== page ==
Brendan Kelly was appointed as the sixth chancellor of USC Upstate in Spartanburg two years ago and had served in this role until he received a phone call one Friday afternoon.
Kelly was sitting in faculty senate when he received the call asking him to serve as the interim president of USC until the Board of Trustees finds a candidate to take over.
"When I get calls that ask me to be in different service to others from the board for which I work now, I'm always happy to take that call," Kelly said.
Kelly is a Flint, Michigan native and earned his bachelor's degree in public relations and master's degree in communication from Eastern Michigan University and his doctorate in rhetoric and political communication at Wayne State University, both around an hour from his hometown.
Kelly said he doesn't worry about the title "interim president" because a university president's job doesn't change from day to day and the work at USC supersedes the titles given to employees. Kelly said all employees have a finite job duration, so whether he serves as president for one day or 10 years, he's just focused on his job.
"My hope is that you've had a great experience as a college student at this university, that it's one that has equipped you to go out into the world and affect positive change," Kelly said.
Kelly said during his time at USC Upstate, he wanted to make the university an asset to the surrounding community and be able to supply well-prepared students to the businesses in the same community.
"We have economies that are being shaped by the University of South Carolina and all its associated institutions," Kelly said. "My whole career has helped to prepare me but, to be quite honest, I come to work every day not only ready to lead but also ready to learn and to listen."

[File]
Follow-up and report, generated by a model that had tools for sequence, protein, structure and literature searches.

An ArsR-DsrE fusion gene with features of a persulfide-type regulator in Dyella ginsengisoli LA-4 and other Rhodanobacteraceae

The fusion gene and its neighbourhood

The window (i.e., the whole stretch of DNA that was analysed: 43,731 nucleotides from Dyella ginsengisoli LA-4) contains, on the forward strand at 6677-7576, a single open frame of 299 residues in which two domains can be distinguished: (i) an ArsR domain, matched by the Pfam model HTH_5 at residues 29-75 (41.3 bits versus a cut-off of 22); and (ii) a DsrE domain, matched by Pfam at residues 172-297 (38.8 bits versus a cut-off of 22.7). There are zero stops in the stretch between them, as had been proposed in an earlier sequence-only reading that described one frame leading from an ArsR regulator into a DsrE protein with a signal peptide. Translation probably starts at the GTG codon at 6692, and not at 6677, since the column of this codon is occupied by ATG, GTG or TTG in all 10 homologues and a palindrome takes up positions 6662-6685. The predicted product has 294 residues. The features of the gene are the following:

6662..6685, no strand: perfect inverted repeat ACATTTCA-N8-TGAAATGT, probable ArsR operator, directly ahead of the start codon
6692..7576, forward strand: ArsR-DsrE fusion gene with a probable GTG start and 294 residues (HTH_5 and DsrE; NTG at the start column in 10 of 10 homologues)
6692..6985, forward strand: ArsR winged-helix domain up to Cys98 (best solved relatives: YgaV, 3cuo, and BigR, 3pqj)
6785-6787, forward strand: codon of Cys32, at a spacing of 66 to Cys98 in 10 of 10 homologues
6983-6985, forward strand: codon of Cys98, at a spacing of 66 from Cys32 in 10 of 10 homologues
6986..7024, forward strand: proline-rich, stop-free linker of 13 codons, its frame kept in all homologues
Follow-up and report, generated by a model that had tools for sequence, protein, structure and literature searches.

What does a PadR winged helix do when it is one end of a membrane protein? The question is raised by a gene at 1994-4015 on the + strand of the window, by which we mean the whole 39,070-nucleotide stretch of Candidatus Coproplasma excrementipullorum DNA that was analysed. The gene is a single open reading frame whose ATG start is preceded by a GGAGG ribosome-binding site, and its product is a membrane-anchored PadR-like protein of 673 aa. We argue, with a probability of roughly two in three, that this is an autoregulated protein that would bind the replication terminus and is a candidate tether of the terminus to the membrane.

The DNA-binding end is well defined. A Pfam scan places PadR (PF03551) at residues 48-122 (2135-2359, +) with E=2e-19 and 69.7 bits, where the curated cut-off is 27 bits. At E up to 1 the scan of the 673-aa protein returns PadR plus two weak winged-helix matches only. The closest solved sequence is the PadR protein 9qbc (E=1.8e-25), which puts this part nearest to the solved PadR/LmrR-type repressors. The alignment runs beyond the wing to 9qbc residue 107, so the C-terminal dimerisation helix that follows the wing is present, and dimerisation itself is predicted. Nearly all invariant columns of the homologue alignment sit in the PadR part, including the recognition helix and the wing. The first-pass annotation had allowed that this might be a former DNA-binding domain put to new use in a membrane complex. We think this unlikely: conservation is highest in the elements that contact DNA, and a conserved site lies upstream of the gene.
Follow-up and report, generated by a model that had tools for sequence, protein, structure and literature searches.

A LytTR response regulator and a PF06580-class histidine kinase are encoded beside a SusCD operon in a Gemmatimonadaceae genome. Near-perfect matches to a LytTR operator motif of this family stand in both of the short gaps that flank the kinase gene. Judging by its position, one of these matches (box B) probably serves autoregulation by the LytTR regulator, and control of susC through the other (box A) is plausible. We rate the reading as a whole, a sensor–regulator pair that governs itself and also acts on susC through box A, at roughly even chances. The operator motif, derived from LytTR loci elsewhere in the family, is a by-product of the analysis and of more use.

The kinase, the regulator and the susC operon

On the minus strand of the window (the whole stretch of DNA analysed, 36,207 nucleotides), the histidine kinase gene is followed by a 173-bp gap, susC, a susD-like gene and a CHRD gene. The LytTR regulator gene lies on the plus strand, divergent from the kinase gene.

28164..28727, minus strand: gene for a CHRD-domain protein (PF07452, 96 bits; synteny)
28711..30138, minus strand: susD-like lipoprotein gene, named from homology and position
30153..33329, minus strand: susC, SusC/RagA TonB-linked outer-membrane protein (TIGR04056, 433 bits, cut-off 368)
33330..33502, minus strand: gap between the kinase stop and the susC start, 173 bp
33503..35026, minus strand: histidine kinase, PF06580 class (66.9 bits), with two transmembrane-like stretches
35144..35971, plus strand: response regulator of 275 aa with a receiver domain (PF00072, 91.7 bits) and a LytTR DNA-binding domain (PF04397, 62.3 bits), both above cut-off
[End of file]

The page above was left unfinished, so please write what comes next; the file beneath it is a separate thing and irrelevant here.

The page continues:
Kelly said he first became infatuated with higher education during his graduate years at Eastern Michigan when he got a chance to teach students for the first time. He said he fell in love with the scholarly and service missions that exist as a professor of higher education.
Kelly said he almost lost that passion when he felt the need to switch to a job in the private sector after the birth of his first child; however, his wife, Tressa Kelly, suggested he remain in public universities because he would be more satisfied with his life.
"When you get a chance to be part of that magical nexus between teacher and student — those moments are what shaped my life," Kelly said.
Kelly and his wife have three children together. He said he will be at USC full time and his family will be splitting their time between Spartanburg and Columbia. However, Kelly said he will to be present at USC and will interact with students as he and his family walk their Great Dane, Lucy, around campus.
Kelly wouldn't say if he plans to apply for the presidential job. Instead, he said he's relying on the Board of Trustees to make the right decision.
USC continues to search for a full-time president and is expected to for much of the next academic year.